Jurors struggled to hold back tears Tuesday as a grieving father described how he returns now and then to the Colorado theater where his son was murdered.
Tom Sullivan's voice wavered as he described how his family looks for the very spot where his son Alex was killed while celebrating his 27th birthday and first wedding anniversary.
"We go up and we sit in Alex's row, and we're sitting in row 12, and we leave seat 12 open for Alex," Sullivan said. "We sit next to him."
Sullivan testified during the third and final penalty phase for gunman James Holmes who was convicted of murdering 12 people and trying to kill 70 others at the premiere of a Batman movie three years ago.
District Attorney George Brauchler said such testimony reinforces that death is "the only appropriate sentence."
Defense attorney Rebekka Higgs' voice cracked as she insisted that the crimes were caused by the psychotic breakdown of a mentally ill young man. She said life without parole is the morally appropriate response, and warned the jurors that "each of you will have to live with your decision for the rest of your lives."
"We will ask that you not answer death with death," Higgs said.
Tom Sullivan had shared his grief in public before, three years ago, when he begged a group of reporters for help as he frantically tried to find his son in the aftermath of the attack. A news photo captured his trauma, becoming one of the searing images many remember from that day.
"I said, I can't find him, I said, I don't know where he is, I said, can you please help me.... It's his birthday, for God's sakes," Sullivan recalled on the witness stand. One juror dabbed her eyes and another squinted hard, fighting back tears.
Other survivors included Amanda Medek, who testified that she still can't enter a movie theater. She recalled frantically searching hospitals before officers appeared at her parent's home with a picture of her little sister, Micayla. "All I remember is my knees buckling and slamming into the concrete floor," she said.
Micayla was "filled with love," she said. "Kind, sweet, innocent. She was a kid. She was just about to be a college kid. She was young. She was never in love. She never got to have a family."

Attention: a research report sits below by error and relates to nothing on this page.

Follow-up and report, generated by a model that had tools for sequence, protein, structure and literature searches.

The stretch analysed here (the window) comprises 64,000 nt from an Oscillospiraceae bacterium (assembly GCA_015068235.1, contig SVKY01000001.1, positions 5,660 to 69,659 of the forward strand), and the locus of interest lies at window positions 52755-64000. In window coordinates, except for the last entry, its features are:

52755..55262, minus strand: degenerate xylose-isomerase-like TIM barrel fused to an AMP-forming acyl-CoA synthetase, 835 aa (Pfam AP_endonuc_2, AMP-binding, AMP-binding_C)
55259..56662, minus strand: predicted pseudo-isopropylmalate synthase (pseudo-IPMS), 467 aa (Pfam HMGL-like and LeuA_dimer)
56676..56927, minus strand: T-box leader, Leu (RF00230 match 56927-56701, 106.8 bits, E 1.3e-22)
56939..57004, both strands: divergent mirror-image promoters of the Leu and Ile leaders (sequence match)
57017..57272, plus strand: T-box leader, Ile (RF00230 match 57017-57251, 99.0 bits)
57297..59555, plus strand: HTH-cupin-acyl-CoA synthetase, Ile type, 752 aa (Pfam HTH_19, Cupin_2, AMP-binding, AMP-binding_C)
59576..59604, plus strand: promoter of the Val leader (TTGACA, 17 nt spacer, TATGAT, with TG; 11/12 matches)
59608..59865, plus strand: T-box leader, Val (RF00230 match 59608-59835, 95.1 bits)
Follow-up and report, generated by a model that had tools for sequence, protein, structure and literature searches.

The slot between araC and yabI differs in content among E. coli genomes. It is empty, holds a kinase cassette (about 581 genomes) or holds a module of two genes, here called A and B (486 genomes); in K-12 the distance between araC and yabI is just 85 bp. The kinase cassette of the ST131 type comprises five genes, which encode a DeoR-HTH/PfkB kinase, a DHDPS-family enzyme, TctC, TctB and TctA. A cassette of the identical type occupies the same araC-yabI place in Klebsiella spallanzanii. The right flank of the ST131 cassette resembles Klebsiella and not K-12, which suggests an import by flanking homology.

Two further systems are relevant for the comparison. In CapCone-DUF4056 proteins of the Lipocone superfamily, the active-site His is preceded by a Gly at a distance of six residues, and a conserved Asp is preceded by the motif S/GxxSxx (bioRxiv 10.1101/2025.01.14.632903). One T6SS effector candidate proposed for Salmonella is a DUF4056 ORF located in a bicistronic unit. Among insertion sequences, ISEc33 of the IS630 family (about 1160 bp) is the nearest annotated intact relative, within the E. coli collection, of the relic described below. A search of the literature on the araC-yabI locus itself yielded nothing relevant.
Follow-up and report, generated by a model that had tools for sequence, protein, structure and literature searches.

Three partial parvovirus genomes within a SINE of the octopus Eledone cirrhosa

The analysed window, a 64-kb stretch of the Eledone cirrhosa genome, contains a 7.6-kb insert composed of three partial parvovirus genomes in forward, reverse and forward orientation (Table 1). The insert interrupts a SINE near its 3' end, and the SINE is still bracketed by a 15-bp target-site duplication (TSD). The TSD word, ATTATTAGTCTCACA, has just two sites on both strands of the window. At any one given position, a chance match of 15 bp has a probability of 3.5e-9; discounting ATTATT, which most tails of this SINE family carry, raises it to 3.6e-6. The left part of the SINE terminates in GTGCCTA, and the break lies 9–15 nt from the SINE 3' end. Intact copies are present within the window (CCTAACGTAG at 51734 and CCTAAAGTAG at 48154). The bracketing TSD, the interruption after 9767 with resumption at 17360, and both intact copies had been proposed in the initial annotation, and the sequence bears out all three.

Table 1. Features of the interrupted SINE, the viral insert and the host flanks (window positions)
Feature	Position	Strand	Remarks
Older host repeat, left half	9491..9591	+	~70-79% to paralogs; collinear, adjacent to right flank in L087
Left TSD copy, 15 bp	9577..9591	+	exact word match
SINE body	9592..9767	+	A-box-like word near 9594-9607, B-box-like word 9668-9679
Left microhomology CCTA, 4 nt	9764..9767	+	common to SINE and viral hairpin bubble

Mary Theresa Hoover glared briefly at Holmes as she took the stand, and then recalled how her 18-year-old son, A.J. Boik, had planned to start art school. A.J.'s brother is grieving quietly, she said.
"I am now a single mother of one child," she said. "I have lost half of what I was put on this Earth to do."
Hoover, her surviving son and A.J.'s girlfriend later hugged Brauchler and thanked him for letting her tell their story.
The defense declined to question any of these survivors, and Judge Carlos A. Samour Jr., told jurors not to be swayed by the emotional nature of their highly charged testimony. "Your decision must reflect your individual reasoned moral judgment," he repeated.
The same jurors who will decide whether Holmes gets life without parole or a lethal injection already rejected his insanity plea.
Brauchler said their final deliberations may begin as early as Wednesday.
Even one juror's objection to capital punishment will mean life without parole, the judge said, but any mercy or sympathy for Holmes must be based on the evidence.
On the other hand, "no juror may make a decision for the death penalty unless the juror is convinced without a reasonable doubt that death is the appropriate sentence," the judge said.
Holmes had been a promising scholar in a demanding neuroscience Ph.D. program at the University of Colorado until his life went awry amid the pressures of laboratory work.
He broke up with his first and only girlfriend and dropped out of school while amassing an arsenal of weapons and describing his plans for mass murder in a secret journal.
He self-diagnosed a litany of mental problems, and wrote that he tried to fix his brain, but failed. Then, he stood before a capacity crowd of more than 400 people, and opened fire.